The sutta is DN 16, where the Buddha is giving his last instructions. He gives four injunctions in total:
Now the Blessed One spoke to the Venerable Ananda, saying: "It may be, Ananda, that to some among you the thought will come: 'Ended is the word of the Master; we have a Master no longer.' But it should not, Ananda, be so considered. For that which I have proclaimed and made known as the Dhamma and the Discipline, that shall be your Master when I am gone.
"And, Ananda, whereas now the bhikkhus address one another as 'friend,' let it not be so when I am gone. The senior bhikkhus, Ananda, may address the junior ones by their name, their family name, or as 'friend'; but the junior bhikkhus should address the senior ones as 'venerable sir' or 'your reverence.'
"If it is desired, Ananda, the Sangha may, when I am gone, abolish the lesser and minor rules.
"Ananda, when I am gone, let the higher penalty be imposed upon the bhikkhu Channa."
"But what, Lord, is the higher penalty?"
"The bhikkhu Channa, Ananda, may say what he will, but the bhikkhus should neither converse with him, nor exhort him, nor admonish him."
It's an interesting allowance, given what he says earlier in the same sutta:
"The growth of the bhikkhus is to be expected, not their decline, bhikkhus, so long as they ... appoint no new rules, and do not abolish the existing ones, but proceed in accordance with the code of training (Vinaya) laid down;
The vinaya (Culavagga) gives an account of the sangha's decision in regards to this allowance:
Then the venerable Ânanda spake thus to the Thera Bhikkhus: 'The Blessed One, Sirs, at the time of his passing away, spake thus to me "When I am gone, Ânanda, let the Samgha, if it should so wish, revoke all the lesser and minor precepts."'
'Did you then, venerable Ânanda, ask the Blessed One which were the lesser and minor precepts?'
Some Theras then said that all the rules save the four Pârâgikas; others that all save those and the thirteen Samghâdisesas; others that all save those and the two Aniyatas; others that all save those and the thirty Nissaggiyas; others that all save those and the ninety-two Pâkittiyas; others that all save those and the four Pâtidesaniyas were lesser and minor precepts.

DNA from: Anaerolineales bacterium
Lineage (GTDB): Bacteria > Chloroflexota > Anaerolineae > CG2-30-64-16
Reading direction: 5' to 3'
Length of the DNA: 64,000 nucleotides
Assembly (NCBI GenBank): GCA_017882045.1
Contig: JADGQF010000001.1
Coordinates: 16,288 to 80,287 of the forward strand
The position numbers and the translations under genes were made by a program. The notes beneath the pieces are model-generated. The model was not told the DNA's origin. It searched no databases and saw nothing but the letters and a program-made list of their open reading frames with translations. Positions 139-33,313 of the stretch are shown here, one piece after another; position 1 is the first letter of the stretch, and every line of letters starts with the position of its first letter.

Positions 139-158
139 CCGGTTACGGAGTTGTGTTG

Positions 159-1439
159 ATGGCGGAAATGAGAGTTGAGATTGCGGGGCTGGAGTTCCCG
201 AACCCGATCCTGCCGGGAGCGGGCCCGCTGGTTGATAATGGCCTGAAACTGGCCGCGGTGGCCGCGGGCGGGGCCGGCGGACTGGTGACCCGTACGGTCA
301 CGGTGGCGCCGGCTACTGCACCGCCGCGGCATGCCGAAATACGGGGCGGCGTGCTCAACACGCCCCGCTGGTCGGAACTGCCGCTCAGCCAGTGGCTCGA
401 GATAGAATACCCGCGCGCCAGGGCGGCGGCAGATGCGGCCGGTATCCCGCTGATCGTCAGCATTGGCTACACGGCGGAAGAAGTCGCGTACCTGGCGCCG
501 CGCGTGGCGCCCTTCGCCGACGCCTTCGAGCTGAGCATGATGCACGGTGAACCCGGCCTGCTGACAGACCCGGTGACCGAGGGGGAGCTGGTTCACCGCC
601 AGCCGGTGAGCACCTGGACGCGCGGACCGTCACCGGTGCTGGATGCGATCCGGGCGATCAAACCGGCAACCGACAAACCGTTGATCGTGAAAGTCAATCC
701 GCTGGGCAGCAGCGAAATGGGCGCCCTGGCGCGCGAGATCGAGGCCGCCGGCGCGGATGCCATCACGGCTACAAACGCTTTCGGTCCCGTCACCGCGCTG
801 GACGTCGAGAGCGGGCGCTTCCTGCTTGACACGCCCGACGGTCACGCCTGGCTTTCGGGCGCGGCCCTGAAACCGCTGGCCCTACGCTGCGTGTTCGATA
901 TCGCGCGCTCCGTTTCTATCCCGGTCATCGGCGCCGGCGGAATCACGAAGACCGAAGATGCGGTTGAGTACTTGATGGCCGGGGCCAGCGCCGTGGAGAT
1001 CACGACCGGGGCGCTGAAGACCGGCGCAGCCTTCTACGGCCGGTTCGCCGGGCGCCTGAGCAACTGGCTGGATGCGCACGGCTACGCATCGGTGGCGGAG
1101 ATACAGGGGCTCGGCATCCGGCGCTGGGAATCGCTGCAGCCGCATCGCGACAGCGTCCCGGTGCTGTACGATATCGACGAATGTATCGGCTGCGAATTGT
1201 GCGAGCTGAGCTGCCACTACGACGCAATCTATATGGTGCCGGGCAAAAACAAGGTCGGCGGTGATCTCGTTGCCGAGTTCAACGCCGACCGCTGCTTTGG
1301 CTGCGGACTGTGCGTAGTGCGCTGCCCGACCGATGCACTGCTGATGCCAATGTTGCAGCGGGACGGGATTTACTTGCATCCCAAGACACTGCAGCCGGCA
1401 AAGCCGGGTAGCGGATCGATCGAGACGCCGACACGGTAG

Then the venerable Mahâ Kassapa laid a resolution before the Samgha: 'Let the venerable Samgha hear me. There are certain of our precepts which relate to matters in which the laity are concerned. Now the laity know of us that "such and such things are proper for you Samanas who are Sakyaputtiyas, and such and such things are not." If we were to revoke the lesser and minor precepts, it will be said to us: "A set of precepts was laid down for his disciples by the Samana Gotama to endure until the smoke should rise from his funeral pyre. So long as their teacher remained with these men, so long did they train themselves in the precepts. Since their teacher has passed away from them, no longer do they now train themselves in the precepts.'
'If the time seems meet to the Samgha, not ordaining what has not been ordained, and not revoking what has been ordained, let it take upon itself and ever direct itself in the precepts according as they have been laid down. This is the resolution.
'Let the venerable Samgha hear me. [These things being so] the Samgha takes upon itself the precepts according as they have been laid down. Whosoever of the venerable ones approves thereof, let him keep silence. Whosoever approves not thereof, let him speak. The Samgha has taken upon itself the precepts according as they were laid down. Therefore does it keep silence. Thus do I understand.'
It is considered meaningful what language the Buddha used to give his allowance ("If it is desired"). The commentary to DN 16, picking up on this, explains the whole issue as a means of showing Maha-Kassapa's strength in leading the sangha to the right decision. The sub-commentary elaborates, explaining it as a means of showing that the sangha followed the Buddha's rules because they wanted to, not because they were forced to.
The commentary also comments on the issue of Nagasena's decisive answer (in the Milindapanha) in regards to what really constitutes "lesser and minor rules" (according to him it was the dukkata and dubhasita offences). It explains that some say Maha-Kassapa didn't know, and that was the reason why he decided they should keep them all. The commentary says this view should not be entertained; that Nagasena gave a decisive answer because he didn't want do give opportunity for debate, whereas Maha-Kassapa simply didn't want to abolish the lesser and minor rules (khuddānukhuddakāpattiṃ na samūhanissāmi).
Either way, the decision reached by the first council with Maha-Kassapa as its head is to be considered authoritative, until and unless someone decides to revoke that sangha-kamma.